“Without a formal risk assessment and associated mitigation strategy, threats and weaknesses may go unidentified and expose the . . . systems to an unacceptable level of risk,” Friedman wrote in an audit released in January.
Energy officials knew of these weaknesses but approved plans for the projects anyway, auditors said: “The initial weaknesses had not always been fully addressed, and did not include a number of security practices commonly recommended for federal government and industry systems.”
Of 99 grants awarded to utilities — ranging from $400,000 to $200 million — 36 recipients did not take all the required security steps to ward off a cyberattack, auditors found. Even though Energy Department officials told the utilities to update their plans, many did not.
The agency got $3.5 billion in the 2009 stimulus package for “smart grid” projects. In recent years, utilities have taken steps to update their transmission and distribution systems with new computer systems that can give customers real-time information about fluctuation in electricity prices and add reliability to the grid. The goals are fewer outages and lower bills for consumers if they use less electricity during times of peak demand.
But the complex computer systems have caused concern about cyberattacks by hackers looking to grab personal information from utility accounts — or even shut down the nation’s power grid.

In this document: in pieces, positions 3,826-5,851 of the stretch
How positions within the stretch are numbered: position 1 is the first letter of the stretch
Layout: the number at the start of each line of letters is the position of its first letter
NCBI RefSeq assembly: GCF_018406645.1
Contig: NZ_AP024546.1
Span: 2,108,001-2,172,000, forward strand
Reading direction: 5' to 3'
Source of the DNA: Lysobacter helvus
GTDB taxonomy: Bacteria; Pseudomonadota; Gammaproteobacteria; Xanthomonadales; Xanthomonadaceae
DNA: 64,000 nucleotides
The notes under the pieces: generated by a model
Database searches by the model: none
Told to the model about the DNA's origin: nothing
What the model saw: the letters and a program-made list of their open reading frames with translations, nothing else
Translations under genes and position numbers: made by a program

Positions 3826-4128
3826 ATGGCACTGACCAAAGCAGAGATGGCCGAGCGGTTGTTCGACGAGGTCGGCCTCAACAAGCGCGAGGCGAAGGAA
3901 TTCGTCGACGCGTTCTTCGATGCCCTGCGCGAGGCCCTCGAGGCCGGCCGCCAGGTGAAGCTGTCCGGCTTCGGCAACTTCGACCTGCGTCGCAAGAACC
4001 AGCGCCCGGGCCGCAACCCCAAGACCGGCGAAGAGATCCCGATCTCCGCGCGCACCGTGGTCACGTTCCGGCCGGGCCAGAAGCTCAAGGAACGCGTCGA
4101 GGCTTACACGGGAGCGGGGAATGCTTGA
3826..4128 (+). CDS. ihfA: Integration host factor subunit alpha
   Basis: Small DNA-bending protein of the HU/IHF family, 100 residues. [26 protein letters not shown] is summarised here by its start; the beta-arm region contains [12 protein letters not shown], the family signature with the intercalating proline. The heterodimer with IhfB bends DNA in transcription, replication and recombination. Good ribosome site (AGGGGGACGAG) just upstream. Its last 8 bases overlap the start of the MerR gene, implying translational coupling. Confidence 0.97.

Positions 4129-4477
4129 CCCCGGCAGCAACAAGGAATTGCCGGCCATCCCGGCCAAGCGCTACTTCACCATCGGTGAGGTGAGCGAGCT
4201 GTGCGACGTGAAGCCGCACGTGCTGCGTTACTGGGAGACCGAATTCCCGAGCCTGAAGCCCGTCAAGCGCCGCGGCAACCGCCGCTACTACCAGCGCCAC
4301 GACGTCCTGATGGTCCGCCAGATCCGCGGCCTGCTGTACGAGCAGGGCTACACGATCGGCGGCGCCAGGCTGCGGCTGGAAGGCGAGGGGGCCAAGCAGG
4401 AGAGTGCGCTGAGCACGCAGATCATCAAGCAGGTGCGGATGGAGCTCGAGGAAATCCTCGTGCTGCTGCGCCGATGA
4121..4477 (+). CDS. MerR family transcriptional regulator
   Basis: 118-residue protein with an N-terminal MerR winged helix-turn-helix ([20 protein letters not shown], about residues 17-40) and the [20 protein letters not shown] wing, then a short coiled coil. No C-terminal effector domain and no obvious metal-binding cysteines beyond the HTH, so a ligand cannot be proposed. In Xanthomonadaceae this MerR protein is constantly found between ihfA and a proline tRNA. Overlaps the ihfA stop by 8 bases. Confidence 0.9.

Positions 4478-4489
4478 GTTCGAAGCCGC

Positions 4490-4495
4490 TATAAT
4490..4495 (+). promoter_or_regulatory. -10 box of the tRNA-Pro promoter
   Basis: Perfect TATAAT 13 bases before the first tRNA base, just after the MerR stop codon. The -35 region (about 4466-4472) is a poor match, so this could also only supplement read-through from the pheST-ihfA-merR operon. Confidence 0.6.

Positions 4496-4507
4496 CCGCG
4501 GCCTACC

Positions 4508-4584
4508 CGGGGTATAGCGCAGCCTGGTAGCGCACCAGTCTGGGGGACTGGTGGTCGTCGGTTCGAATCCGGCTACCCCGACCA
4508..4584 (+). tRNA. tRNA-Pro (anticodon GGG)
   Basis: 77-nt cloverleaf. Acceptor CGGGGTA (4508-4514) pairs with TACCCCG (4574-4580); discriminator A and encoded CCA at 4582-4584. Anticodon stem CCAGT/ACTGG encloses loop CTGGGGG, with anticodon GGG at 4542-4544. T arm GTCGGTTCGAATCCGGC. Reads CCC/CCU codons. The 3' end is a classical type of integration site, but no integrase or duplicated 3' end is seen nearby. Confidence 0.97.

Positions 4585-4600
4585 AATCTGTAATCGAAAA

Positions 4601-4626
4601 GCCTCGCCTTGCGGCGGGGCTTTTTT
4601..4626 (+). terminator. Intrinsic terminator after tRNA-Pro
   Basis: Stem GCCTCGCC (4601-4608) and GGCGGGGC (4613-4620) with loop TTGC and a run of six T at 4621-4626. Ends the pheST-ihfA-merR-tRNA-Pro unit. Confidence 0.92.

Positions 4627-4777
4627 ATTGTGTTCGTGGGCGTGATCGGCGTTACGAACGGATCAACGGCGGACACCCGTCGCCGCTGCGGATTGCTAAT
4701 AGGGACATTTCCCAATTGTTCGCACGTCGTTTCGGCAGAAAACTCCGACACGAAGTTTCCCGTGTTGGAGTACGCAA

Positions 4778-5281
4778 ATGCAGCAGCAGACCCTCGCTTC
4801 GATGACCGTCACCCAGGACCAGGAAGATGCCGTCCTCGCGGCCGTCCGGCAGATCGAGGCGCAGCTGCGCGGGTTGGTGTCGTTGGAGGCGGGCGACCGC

Energy officials, responding to auditors, pledged to address the weaknesses by bringing in more experts to review the cybersecurity plans and make changes.
In a November letter to the inspector general’s office, Assistant Energy Secretary Patricia Hoffman said that her office wants to “ensure that recipients do not place the power system at risk.”
But she said there are no federal or state standards or regulations that define cybersecurity processes or practices for electricity-distribution systems.
The audit does not reveal the names of the power companies or specify where they ran afoul of security guidelines. But their cybersecurity plans are supposed to show how the companies would prevent, detect and respond to cyberattacks.
Three of the five plans that auditors reviewed were “incomplete” and did not always explain how security controls would be carried out, auditors found. One power company never did a formal assessment of cybersecurity risks; without it, “threats and weaknesses may go unidentified and expose the recipient’s systems to an unacceptable level of risk,” the report says.
Another project was missing a formal assessment of the risks of new technology being used to update the grid, creating a chance that a cyberthreat would go unnoticed.
Auditors blamed the weak cybersecurity on the rush to grant the stimulus money.
“The issues identified were due, in part, to the accelerated planning, development and deployment approach,” auditors wrote.
Another shortcoming: The Energy Department was so focused on giving out money, it did not ensure that its staff had adequate training to oversee the projects.